Tuesday, 27 October 2009
McLeod Bay where I am moving to I am happy to say has a sort of historical connection with me. I really like the place and in a strange sort of way it is like going home. The bay is named after Rev. Norman Mcleod who, in 1855 settled there with a large group of fellow Scots. These Scots originally came from the West Coast of Scotland and at first emigrated to Nova Scotia, leaving there after drought and famine decimated the community before sailing to Victoria, Australia and ultimately New Zealand. My lot, the McDonalds were part of that journey and, as they were boat builders, would have been involved in building the sailing ships that took them from Nova Scotia to Australia and New Zealand. The McDonalds that I come from stayed on in Australia (farming at Tullamarine, Melbourne) before finally making the journey to Marlborough. Other McDonalds, some sort of kin, made the earlier trip with the McLeods and settled at Whangarei Heads. There is a McDonald's Island in McLeod Bay - a sort of gigantic sand bar that disappears at full tide. I like this connection. The place name suits.
Sunday, 25 October 2009
Tony and Alison are getting married in February.
Saturday, 24 October 2009
Friday, 23 October 2009
Saturday, 17 October 2009
I've sold the picture framing gallery. This means I can leave for the North without having to worry about it anymore.
Saturday, 10 October 2009
Friday, 2 October 2009
I may be a Curmudgeon but underneath I am quite sensitive. Richard and his sidekicks' disparaging comments about my picture framing has finally got to me. I am abandoning the picture framing. Today we sold our house in Auckland and bought another one in the far North to get far away from all the derisive laughter and snide comments.
Wednesday, 30 September 2009
Monday, 28 September 2009
The Old Girl went to Christchurch this morning on the 6.40AM flight. She'll be there for a couple of days on business. Last week it was Rotorua and a couple of weeks ago it was Wellington. Air travel, indeed any sort of travel is so commonplace nowadays that we no longer think that of it as special. When I was younger it was special. Even when I was at University if I went anywhere it would have to involve the relatives at the destination meeting me at the airport and farewelling me there as well. I couldn't go anywhere without my mother saying "you must call in on Aunty So and So". As I've said before - things have changed and not necessarily for the better.
Saturday, 26 September 2009
I guess that we’re off his Christmas card list. What do you think Bin Hire?
Friday, 25 September 2009
The gunners manning the 88 flak gun now configured for ground attack were dirty and tired. They were part of 8 Company, II Battalion of the German Fourteenth army. They had been driven north after the Anzio landings and now were engaged in the fighting retreat going up the Eastern coast. They had been pushed over the Arno River, surrendering Florence to the Allied 8th army and were now defending the approaches to the Uso River. Having arrived there with some time to spare before the approaches of the New Zealand Division who were leading the extreme right flank of the advance, they had created their firing plan and zeroed in their targets – the river approaches. All they could do now was to sit and wait.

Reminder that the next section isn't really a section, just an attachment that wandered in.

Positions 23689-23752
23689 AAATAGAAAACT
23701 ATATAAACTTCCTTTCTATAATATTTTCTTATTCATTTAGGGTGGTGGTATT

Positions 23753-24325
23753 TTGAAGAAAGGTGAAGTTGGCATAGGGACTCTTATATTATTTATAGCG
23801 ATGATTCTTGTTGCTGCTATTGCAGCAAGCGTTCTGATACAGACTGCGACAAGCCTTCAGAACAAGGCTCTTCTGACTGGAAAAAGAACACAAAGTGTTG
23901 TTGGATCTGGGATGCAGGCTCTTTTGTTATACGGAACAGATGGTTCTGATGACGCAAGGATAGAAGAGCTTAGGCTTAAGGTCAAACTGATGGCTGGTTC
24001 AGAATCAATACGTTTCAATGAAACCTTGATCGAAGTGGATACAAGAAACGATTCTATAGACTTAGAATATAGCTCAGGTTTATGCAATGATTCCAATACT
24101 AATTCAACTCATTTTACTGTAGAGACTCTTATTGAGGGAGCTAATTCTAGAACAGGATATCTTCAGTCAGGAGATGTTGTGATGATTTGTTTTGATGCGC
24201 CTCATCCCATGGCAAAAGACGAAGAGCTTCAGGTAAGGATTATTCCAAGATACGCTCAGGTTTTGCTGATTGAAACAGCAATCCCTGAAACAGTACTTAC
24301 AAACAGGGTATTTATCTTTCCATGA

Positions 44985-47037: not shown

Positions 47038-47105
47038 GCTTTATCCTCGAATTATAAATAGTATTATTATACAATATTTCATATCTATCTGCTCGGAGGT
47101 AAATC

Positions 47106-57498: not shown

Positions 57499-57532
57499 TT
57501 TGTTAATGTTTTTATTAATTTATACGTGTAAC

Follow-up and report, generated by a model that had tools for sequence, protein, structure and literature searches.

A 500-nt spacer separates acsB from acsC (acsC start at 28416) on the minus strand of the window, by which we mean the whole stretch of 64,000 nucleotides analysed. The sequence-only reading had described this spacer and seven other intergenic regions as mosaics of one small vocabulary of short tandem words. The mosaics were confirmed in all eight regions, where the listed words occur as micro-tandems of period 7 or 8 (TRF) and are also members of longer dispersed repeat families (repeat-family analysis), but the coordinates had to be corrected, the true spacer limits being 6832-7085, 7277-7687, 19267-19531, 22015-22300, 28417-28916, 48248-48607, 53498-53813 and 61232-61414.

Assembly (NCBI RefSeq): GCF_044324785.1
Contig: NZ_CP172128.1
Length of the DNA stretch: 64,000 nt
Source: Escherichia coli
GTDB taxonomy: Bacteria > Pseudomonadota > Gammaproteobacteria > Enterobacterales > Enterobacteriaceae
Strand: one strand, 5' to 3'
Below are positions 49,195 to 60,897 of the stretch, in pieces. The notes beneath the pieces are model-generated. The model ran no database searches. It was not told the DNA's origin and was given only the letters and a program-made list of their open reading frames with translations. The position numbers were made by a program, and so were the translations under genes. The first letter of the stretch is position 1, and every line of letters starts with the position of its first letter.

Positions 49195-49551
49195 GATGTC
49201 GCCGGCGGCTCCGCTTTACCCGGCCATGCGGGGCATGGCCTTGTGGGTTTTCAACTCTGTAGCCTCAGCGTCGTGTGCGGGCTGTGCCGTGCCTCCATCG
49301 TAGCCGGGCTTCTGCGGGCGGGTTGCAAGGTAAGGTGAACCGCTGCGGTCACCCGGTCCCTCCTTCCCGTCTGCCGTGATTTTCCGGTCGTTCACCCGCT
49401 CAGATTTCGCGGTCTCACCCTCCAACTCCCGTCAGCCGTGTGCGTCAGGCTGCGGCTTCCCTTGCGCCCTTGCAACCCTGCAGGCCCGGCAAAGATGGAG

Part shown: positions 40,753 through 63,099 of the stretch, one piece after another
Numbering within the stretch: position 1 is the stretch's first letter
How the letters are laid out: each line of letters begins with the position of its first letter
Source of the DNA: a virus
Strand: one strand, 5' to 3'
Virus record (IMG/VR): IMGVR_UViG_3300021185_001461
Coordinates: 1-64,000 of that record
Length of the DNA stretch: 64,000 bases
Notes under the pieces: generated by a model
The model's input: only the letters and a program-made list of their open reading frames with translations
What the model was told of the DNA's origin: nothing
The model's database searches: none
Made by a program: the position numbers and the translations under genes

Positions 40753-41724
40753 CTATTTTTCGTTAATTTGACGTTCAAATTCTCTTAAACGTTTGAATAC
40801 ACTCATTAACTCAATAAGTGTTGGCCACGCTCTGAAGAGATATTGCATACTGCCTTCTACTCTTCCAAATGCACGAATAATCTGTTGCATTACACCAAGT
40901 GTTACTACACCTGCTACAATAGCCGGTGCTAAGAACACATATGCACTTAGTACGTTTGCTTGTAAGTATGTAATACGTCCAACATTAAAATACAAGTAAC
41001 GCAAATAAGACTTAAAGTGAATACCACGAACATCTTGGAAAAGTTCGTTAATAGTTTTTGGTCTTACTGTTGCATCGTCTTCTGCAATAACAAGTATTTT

Pat awoke to a medical orderly helping him into a vehicle. The man had roughly bandaged his arm and taken steps to stop the bleeding. He looked around him and saw the broken and bloody forms of his comrades. They were being hastily evacuated from the dangerous position with the helpers warily looking out for any further shelling. He was taken to Florence to 6th NZ General Hospital where his wounds were operated on, dressed and his arm put in plaster. The analgesic medication relieved the pain but also made everything a bit fuzzy around the edges. When Jane put a soothing hand on Pat’s brow and asked how he was feeling he was a bit disoriented. He thought that he was back in Marlborough and that he must have fallen off his horse. Jane was his sister you see, Senior Nurse Jane McDonald. When he realised where he was he and Jane had a great reconciliation, swapping stories of their respective campaigns. Pat was the envy of the other patients as he definitely received preferential treatment. All too soon though he had to leave the hospital and rejoin his division. There were many more rivers to fight over on the way towards the Po river and ultimately Trieste.
Thursday, 24 September 2009
Sunday, 20 September 2009
No, not a line from a Mills and Boon novel but Murray Mexted waxing lyrical about one of Giteaux' penalty kicks in the Australia New Zealand game last night.
Thursday, 17 September 2009
Wednesday, 16 September 2009
Friday, 4 September 2009
Some particular cases of book burning are long and traumatically remembered - because the books destroyed were irreplaceable and their loss constituted a severe damage to cultural heritage, and/or because this instance of book burning has become emblematic of a harsh and oppressive regime. Such were the destruction of the Library of Alexandria, the burning of books and burying of scholars under China's Qin Dynasty, the destruction of Mayan codices by Spanish conquistadors and priests, and in more recent times, Nazi book burnings and the destruction of the Sarajevo National Library.
Some particular cases of book burning are the result of unacceptable material according to generally accepted moral, community and or religious standards; for example child pornography.
The Music Curmudgeon stepped in with a new post that is really on behalf of all the curmudgeons of THE CURMUDGEONS INC.ⓒ as the post could e...
I did a course today at the local council offices. It was training in Civil Defence. The course was very well organised and presented. It ...
I'm watching The Longest Day tonight. Well, being June 6th you sort of have to don't you?
I drove down to Auckland yesterday to collect The Old Girl. She's had her hip operation and. after a weeks recovery in Auckland in hospi...